What do you make of the overwhelming response this petition has gotten? And some of the backlash about “entitled fans” and whatnot.
Well in my long update I talked about how I started it and how surprised I was by the response when I checked back in after a week. I was mostly just chuckling at it, taking it lightly, then I learned my parents had contacted news institutions and reporters and I was taken aback. This petition isn’t about me. Any passionate nerd could have written it. Heck I clearly put like the minimum effort into the original post! I have seen a few things calling out the petition and its signers as a whole, but nothing yet that calls me out directly. I guess if we’re entitled, we’re entitled together. I hoped to clear some things up in my update post, but I may have taken too long to put some clarifying words out there.
Did your parents reach out to reporters after you found out the petition had been doing well? Are they fans of the show as well? (Author’s note: I asked this question in a follow up email).
Yeah I had called them on my way home from work after I found out myself, just to say, “Hey check this out, neat huh?” They were notably more excited than I was about the “internet fame” and started reaching out to reporters on their own. I wasn’t terribly thrilled about it, but they were excited for me. Yes, I got my parents into the show maybe around season 5 or so…can’t remember when, but I introduced everyone in my immediate family to the show.
Has your life changed at all since the petition blew up?
Well since I only learned of its success [Thursday] after work, the only life impact I have experienced so far is a lack of sleep for one night. I think I was too pumped to sleep well last night! I would imagine that after the finale the petition will garner more attention, but we’ll see.
What do you hope to get out of the petition now? I know you said you don’t expect HBO to actually remake Season 8 and that no one from HBO has been in contact with you.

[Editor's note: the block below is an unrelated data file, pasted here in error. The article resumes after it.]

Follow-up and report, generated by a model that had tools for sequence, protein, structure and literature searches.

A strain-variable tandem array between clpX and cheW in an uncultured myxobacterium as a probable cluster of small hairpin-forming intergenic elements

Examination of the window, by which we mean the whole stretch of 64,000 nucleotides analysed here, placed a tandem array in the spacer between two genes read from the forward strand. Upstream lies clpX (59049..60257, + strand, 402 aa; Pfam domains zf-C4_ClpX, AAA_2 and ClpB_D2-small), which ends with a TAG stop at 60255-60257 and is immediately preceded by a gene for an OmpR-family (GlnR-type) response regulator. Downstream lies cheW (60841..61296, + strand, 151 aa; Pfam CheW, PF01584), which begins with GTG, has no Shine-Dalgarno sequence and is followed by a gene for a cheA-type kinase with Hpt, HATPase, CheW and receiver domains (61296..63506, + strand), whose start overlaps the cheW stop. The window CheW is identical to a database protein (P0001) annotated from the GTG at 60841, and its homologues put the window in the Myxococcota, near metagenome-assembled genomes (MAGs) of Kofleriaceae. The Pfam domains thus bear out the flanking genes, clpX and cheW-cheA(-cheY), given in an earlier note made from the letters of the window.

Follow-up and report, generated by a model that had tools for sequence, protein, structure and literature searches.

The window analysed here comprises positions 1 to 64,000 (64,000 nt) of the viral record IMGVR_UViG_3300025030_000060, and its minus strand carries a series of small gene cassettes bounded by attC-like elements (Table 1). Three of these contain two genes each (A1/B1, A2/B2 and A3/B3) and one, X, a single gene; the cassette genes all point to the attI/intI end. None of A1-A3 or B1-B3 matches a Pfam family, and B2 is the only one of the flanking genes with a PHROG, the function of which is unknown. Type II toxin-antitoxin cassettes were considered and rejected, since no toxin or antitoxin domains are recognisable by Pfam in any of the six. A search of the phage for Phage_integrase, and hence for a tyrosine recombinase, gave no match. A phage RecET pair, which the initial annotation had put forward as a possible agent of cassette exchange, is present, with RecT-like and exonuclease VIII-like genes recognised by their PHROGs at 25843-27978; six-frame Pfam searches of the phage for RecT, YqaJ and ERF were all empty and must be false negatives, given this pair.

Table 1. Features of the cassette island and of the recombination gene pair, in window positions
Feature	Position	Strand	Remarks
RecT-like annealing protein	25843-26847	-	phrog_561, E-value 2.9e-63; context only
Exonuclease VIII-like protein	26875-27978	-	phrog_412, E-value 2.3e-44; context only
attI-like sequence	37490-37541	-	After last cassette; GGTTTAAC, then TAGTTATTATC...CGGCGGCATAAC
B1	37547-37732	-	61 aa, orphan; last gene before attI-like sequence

That’s the question isn’t it? Sometimes acknowledgement of the outcry is enough, and decisions are made behind the scenes to adjust for such backlash. I am also one of the somewhat disgruntled Star Wars fans as well – relatively unhappy with the writing of the new trilogy – so seeing D&D (D.B. Weiss and David Benioff) lose their Star Wars contracts might be interesting. I have seen people call for that. I just don’t know why they should be rewarded with another beloved story after what we saw from the end of Thrones, but who knows? If we get a Star Warstrilogy from them that’s as good as the first few seasons of Thrones, I might be eating my words.
Do you still think Game of Thrones is one of the greatest TV shows of all time?
Absolutely. It is a universal cultural phenomenon. I heard someone once say something along the lines of, “This show shouldn’t even exist. It’s this crazy, convoluted fantasy epic with dragons and zombies and castles and political drama. We should be happy it was brought to us.” That’s some huge paraphrasing, but I do agree with the sentiment. In my long update, I say that D&D deserve praise for their adaptation of the books during the first several seasons of the show. Obviously the praise stops short towards the end of the rushed series.
-Rachel Sandler; Forbes Staff
Investing In The Future: Tanzania’s Blueprint To Become A Middle Income Nation
How Google Is Using AI To Make Voice Recognition Work For People With Disabilities
World’s Highest-Paid Athletes 2019: What Messi, LeBron And Tiger Make
Beyoncé And Jay-Z’s Combined Billion-Dollar Fortune Makes Them One Of The Richest Self-Made Couples
Lionel Messi Claims Top Spot on Forbes’ 2019 List Of The World’s 100 Highest-Paid Athletes
Arts2 weeks ago
Artist, Icon, Billionaire: How Jay-Z Created His $1 Billion Fortune
Wealth2 weeks ago
How Rihanna Created A $600 Million Fortune—And Became The World’s Richest Female Musician
Opinion4 weeks ago
Why Now Is The Time To Invest In African E-commerce
Lists4 weeks ago
The World’s Most Reputable CEOs 2019
Featured3 weeks ago
Executive Protection: Big Bucks, Bullets And Bodyguards
Wealth2 weeks ago
The Big Bank Theory: South Africa’s Banks Of The Future
Woman3 weeks ago
Rallying Young Africa
Billionaires3 weeks ago
MacKenzie Bezos Will Donate Half Her Fortune To Charity